In 1788 a bitter Wiswall wrote: “I regret that ever I came to this Country – I was wretchedly deceived . . . I am banished from my Friends – and doomed to lead a most laborious life, pinched with poverty and oftimes not knowing where to procure the common conveniences not to say necessarys of life.” Despairing that “the church should ever flourish in Cornwallis,” by the late 1780s Wiswall had begun concentrating his energies on the neighbouring communities of Aylesford and Wilmot. In 1789 he resigned his Cornwallis charge and was given responsibility for these settlements; he moved to Wilmot that fall. Even a change of scene, however, could not improve his spirits. Most of the people in his new mission were Baptists and Methodists, and soon Wiswall was complaining of “strolling, fanatical teachers” and their “deluded hearers.” His own flock refused to contribute to his financial support, claiming that a combination of apathy and physical infirmity was preventing him from discharging his duties. This charge seems to have had some basis in fact. Many years earlier the SPG had rebuked Wiswall for his lack of missionary zeal, and Charles Inglis, the Anglican bishop of Nova Scotia, made the same point in a letter of 179l. “Wiswall is an infirm man,” he wrote, “& rather incapable of that exertion which the state of the country requires – like too many of the Clergy here, he does not seem to have such notions of order, conformity to the Rubrics, & subordination as I could wish; nor of the necessity of vigorous exertions in the Clergy. . . .
Wiswall, for his part, resented Inglis’s criticisms and made no effort to change his ways. From the 1790s he seems to have spent more time cultivating his glebe than ministering to his parishioners. In 1796 he asked to be relieved of Aylesford, but on the recommendation of Bishop Inglis the SPG refused this request. Abiding by the society’s decision, Wiswall continued to serve his two parishes until 1801, when John Inglis*, the bishop’s son, was appointed to Aylesford. That same year Wiswall was seriously injured in a fall from his horse, and for the last decade of his life he was too crippled and frail to minister to his Wilmot flock on a regular basis. He died on 2 Dec. 1812, at the age of 81, and was buried near the Anglican church in Middleton. One of his sons, Peleg, was elected to the House of Assembly and later became a judge of the Nova Scotia Supreme Court.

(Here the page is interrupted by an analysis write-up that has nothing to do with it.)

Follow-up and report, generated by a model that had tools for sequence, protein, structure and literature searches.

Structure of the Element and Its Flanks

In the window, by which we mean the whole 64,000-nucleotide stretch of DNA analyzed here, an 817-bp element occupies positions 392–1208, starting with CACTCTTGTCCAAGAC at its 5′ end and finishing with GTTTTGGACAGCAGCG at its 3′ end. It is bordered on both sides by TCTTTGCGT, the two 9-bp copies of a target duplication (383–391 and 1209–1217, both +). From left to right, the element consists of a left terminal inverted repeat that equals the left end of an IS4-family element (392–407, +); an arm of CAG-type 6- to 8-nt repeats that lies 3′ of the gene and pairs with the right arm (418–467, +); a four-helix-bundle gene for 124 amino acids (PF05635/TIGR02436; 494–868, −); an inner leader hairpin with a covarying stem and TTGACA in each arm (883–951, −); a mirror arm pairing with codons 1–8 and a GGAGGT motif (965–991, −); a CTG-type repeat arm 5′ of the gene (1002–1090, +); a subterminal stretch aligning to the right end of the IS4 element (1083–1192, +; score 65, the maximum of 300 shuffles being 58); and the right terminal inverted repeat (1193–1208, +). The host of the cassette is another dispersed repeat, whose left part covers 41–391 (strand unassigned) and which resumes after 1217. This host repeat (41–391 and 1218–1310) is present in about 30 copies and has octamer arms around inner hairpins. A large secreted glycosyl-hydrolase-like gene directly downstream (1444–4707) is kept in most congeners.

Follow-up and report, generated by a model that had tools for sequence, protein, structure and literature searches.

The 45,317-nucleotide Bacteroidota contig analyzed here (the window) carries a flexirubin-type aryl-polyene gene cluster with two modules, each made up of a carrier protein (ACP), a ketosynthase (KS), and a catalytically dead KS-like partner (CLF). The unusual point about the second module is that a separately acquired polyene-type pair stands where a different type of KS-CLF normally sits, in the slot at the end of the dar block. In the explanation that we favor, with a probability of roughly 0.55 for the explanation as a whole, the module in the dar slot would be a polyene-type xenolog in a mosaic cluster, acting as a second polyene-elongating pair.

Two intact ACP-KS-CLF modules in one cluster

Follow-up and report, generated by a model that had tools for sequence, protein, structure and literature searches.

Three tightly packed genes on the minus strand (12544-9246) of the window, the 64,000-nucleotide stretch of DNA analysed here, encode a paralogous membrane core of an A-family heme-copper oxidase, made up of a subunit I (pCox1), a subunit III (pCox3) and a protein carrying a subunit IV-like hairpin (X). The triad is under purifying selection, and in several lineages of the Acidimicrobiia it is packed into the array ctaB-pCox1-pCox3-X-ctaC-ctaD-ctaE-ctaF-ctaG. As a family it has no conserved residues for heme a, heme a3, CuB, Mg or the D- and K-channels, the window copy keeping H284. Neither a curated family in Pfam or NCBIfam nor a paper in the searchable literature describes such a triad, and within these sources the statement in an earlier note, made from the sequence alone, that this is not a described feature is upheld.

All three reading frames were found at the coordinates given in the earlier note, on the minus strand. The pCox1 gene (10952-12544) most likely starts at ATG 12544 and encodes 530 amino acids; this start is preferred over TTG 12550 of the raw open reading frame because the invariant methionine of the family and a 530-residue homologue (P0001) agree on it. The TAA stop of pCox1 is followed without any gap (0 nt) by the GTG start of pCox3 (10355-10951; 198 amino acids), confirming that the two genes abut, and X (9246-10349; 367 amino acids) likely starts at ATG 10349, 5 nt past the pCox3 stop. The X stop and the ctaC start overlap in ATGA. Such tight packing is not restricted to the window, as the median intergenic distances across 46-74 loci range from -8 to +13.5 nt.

Acadia Univ. Arch. (Wolfville, N.S.), John Wiswall, journal, 1771–1812 (mfm. at PANS). PRO, AO 12/10: f.309; 12/61: f.39; 12/99: f.42; 12/109: f.312; AO 13, bundles 51, 82–83. USPG, Journal of SPG, 24: 134–36, 262–64, 314–17, 337–41, 358–62; 25: 2–5, 37, 69–71, 100, 144, 149–50, 157–59, 184–85, 201–4, 211; 26: 19, 99, 193–94, 415–17; 27: 117–19, 128–30, 204–8, 277–78, 284–86, 377–78; 28:25, 52, 80–81, 177, 184–86, 359–61, 382–84; 29: 8–9, 95–97, 175–76, 205–7, 335–56; 30: 10–13, 151–52, 284. [Jacob Bailey], “Nova Scotia, 1784: a letter of Jacob Bailey,” ed. David Siegenthaler, Canadian Church Hist. Soc., Journal (Sudbury, Ont.), 19 (1977): 131–37. Glimpses of Nova Scotia, 1807–24, as seen through the eyes of two Halifax merchants, a Wilmot clergyman and the clerk of the assembly of Nova Scotia, ed. C. B. Fergusson (Halifax, 1957). Journals of the Rev. Thomas Smith, and the Rev. Samuel Deane, pastors of the first church in Portland . . . , ed. William Willis ([2nd ed. ], Portland, Maine, 1849). “United Empire Loyalists: enquiry into losses and services,” AO Report, 1904: 172–73, 188. Jones, Loyalists of Mass. Sabine, Biog. sketches of loyalists, vol.2. Calnek, Hist. of Annapolis (Savary). A. W. [H.] Eaton, The Church of England in Nova Scotia and the tory clergy of the revolution (New York, 1891). Fingard, Anglican design in loyalist N.S. Stark, Loyalists of Mass. (1910). E. M. Saunders, “The life and times of the Rev. John Wiswall, M.A., a loyalist clergyman in New England and Nova Scotia, 1731–1821,” N.S. Hist. Soc., Coll., 13 (1908): 1–73.